Weekends Are For Crotcheting

Weekends are for recycling (or upcycling) old material and clothing into a fun new crotchet rag rug.

It’s far from being done yet, but I got a good start on it.

What have you worked on this weekend??

Rejoicing in the journey-
Bethany Stedman

If you like this post please consider buying me a cup of tea (Suggested: $3 a cup)

Nurturing Creativity in Children

Todays post is from my friend, Kara. I met Kara a few years ago in Prague and knew right away that we needed to be friends – She’s a photographer, a foodie who’s interested in health and nutrition, a world traveler, and she practices yoga. Kara has spent the last year living in the states and is currently working on moving back to Prague. I will be looking forward to seeing her there soon!

Happy child with painted hands

(Photo from Foundationphasewales.com)
“Every child is an artist. The problem is how to remain an artist once we grow up.” ~ Pablo Picasso
Children have an endless supply of creative energy. I see it when my nieces originate their own songs and dance moves; when my friend’s son takes a stack of white paper and a pencil and writes his own adventure stories. Children can make something out of nothing. Because they don’t care what people think they can authentically explore their uniqueness. I wish I had the imagination I did when I was 5!
As we grow up it seems that in our (American) culture, imagination and creativity are seen as childish and therefore we need to “grow up” and “live in reality”. Personally, I am passionate about art and allowing imagination and creativity to grow and I have my own mother to thank for that.
I grew up with an incredibly artistic and talented mother. She was born and raised in New York City and spent much of her childhood attending ballets, Broadway, piano and guitar lessons and spent her evenings writing poetry. Naturally, from the time I was very young she instilled a deep desire to explore my creative side and not feel pressured to think only “inside the box”.
If you want to encourage your child’s creativity start here:
Remember that creativity is not just a project or after school distraction. Encourage your kids to see the value in art. Take them to a museum, a gallery, a cooking demonstration. Allow them to witness others living out their unique talents. Ask the right questions. Find what kind of art your children like and take the time to explore that with them.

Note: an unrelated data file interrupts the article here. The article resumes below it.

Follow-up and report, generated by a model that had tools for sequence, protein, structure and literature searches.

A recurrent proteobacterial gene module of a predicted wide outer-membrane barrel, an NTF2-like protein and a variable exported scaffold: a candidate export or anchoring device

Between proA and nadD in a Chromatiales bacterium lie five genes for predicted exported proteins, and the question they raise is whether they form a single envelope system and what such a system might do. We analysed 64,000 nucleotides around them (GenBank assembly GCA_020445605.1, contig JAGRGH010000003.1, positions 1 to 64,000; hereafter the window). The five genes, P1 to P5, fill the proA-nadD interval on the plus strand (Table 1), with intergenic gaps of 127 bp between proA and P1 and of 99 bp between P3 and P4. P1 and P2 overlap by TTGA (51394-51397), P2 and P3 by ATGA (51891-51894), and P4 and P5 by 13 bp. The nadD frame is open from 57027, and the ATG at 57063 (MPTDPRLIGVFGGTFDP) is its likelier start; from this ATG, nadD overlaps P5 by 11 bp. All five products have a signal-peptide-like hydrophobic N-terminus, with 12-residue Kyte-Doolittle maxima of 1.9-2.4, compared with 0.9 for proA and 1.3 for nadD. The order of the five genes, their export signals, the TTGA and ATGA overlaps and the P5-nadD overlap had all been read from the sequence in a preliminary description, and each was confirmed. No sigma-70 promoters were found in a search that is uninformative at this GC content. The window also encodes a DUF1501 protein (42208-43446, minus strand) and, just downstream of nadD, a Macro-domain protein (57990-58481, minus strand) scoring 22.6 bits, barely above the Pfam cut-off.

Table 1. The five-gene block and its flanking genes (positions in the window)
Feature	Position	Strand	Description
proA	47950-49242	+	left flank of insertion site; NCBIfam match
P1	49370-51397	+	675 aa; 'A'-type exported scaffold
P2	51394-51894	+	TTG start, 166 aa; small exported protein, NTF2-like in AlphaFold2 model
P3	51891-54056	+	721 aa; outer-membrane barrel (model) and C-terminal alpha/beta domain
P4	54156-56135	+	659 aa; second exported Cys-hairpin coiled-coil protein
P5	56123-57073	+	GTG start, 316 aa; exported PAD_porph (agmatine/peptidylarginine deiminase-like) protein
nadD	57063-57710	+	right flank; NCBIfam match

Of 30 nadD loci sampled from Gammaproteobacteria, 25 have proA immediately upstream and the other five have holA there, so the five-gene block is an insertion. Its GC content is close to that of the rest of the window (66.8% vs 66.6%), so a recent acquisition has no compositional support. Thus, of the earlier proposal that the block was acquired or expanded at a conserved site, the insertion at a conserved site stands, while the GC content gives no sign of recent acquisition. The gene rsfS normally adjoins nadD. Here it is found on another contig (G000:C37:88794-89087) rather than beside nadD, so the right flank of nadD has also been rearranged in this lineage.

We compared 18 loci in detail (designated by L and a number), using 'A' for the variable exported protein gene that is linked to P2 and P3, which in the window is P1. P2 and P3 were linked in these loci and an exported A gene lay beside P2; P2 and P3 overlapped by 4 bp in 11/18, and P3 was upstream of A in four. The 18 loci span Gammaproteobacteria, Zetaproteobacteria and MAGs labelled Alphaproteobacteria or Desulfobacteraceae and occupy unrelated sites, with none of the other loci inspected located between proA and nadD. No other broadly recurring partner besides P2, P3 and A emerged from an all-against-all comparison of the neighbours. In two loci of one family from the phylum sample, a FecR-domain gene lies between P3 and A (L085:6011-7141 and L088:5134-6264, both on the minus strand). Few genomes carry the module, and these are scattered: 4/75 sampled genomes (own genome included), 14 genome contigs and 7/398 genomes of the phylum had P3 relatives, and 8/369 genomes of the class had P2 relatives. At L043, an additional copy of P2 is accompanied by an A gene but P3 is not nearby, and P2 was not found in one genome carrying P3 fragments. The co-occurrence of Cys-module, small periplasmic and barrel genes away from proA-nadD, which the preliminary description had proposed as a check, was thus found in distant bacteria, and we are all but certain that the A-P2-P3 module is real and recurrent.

As an artist, I can say that I need my space in order to create. As much as you want to encourage your child, don’t hover or feel the need to monitor at all times. Allow them a safe environment to explore. Honestly, they don’t need us to tell them how to draw, build or design something. If anything, we can learn so much more by watching them! Also, refrain from giving judgment or too much critique. Remember that art is as unique as people are, and despite how you may want to react, your child needs to feel that what they offer to the art world holds value. Love them for their willingness to try, not the end result.
Offer guidance in whatever ways you can. If you enjoy cooking, bring your child into the kitchen with you and offer them the opportunity to participate. If you play an instrument, share your love of music. Whatever it may be, don’t hold back. Art is meant to be shared.
Lastly, it’s important that originality is cultivated. The greatest innovators have always been those who thought differently from the rest. Just think how different our world would be if people like The Wright Brothers, Pablo Picasso or even J.K. Rowling were not encouraged to be themselves, original and full of imagination.
To see a few young artists’ creativity, check out the International Child Art Foundation’s gallery.
Here’s a fun family art project that everyone can participate in!
Using an old toy chest, a cardboard box, etc you and spend time with your family making a family keepsake box; something to hold your mementos for years to come.  I love using recycled materials and craft supplies including glue, stencils, markers, paint, newspaper or used colored tissue paper  and gift wrap.
Get creative and cut out a variety of shapes and use lots of color! Let each family member design and contribute something that expresses who they are. The best part is deciding what to include in the keepsake box. My family has placed old movie ticket stubs, vacation photos, souvenirs, foreign money, music CDs that we all like, anything that reminds of quality time together. Ours even has a jar of sand and a small sombrero from a trip to Mexico. Take pictures of your family during this project and use those as the first memento to go in the box!

(Photo from Foundationphasewales.com)

“Every child is an artist. The problem is how to remain an artist once we grow up.” ~ Pablo Picasso

Children have an endless supply of creative energy. I see it when my nieces originate their own songs and dance moves; when my friend’s son takes a stack of white paper and a pencil and writes his own adventure stories. Children can make something out of nothing. Because they don’t care what people think they can authentically explore their uniqueness. I wish I had the imagination I did when I was 5!

As we grow up it seems that in our (American) culture, imagination and creativity are seen as childish and therefore we need to “grow up” and “live in reality”. Personally, I am passionate about art and allowing imagination and creativity to grow and I have my own mother to thank for that.

I grew up with an incredibly artistic and talented mother. She was born and raised in New York City and spent much of her childhood attending ballets, Broadway, piano and guitar lessons and spent her evenings writing poetry. Naturally, from the time I was very young she instilled a deep desire to explore my creative side and not feel pressured to think only “inside the box”.

If you want to encourage your child’s creativity start here:

  • Remember that creativity is not just a project or after school distraction. Encourage your kids to see the value in art. Take them to a museum, a gallery, a cooking demonstration. Allow them to witness others living out their unique talents. Ask the right questions. Find what kind of art your children like and take the time to explore that with them.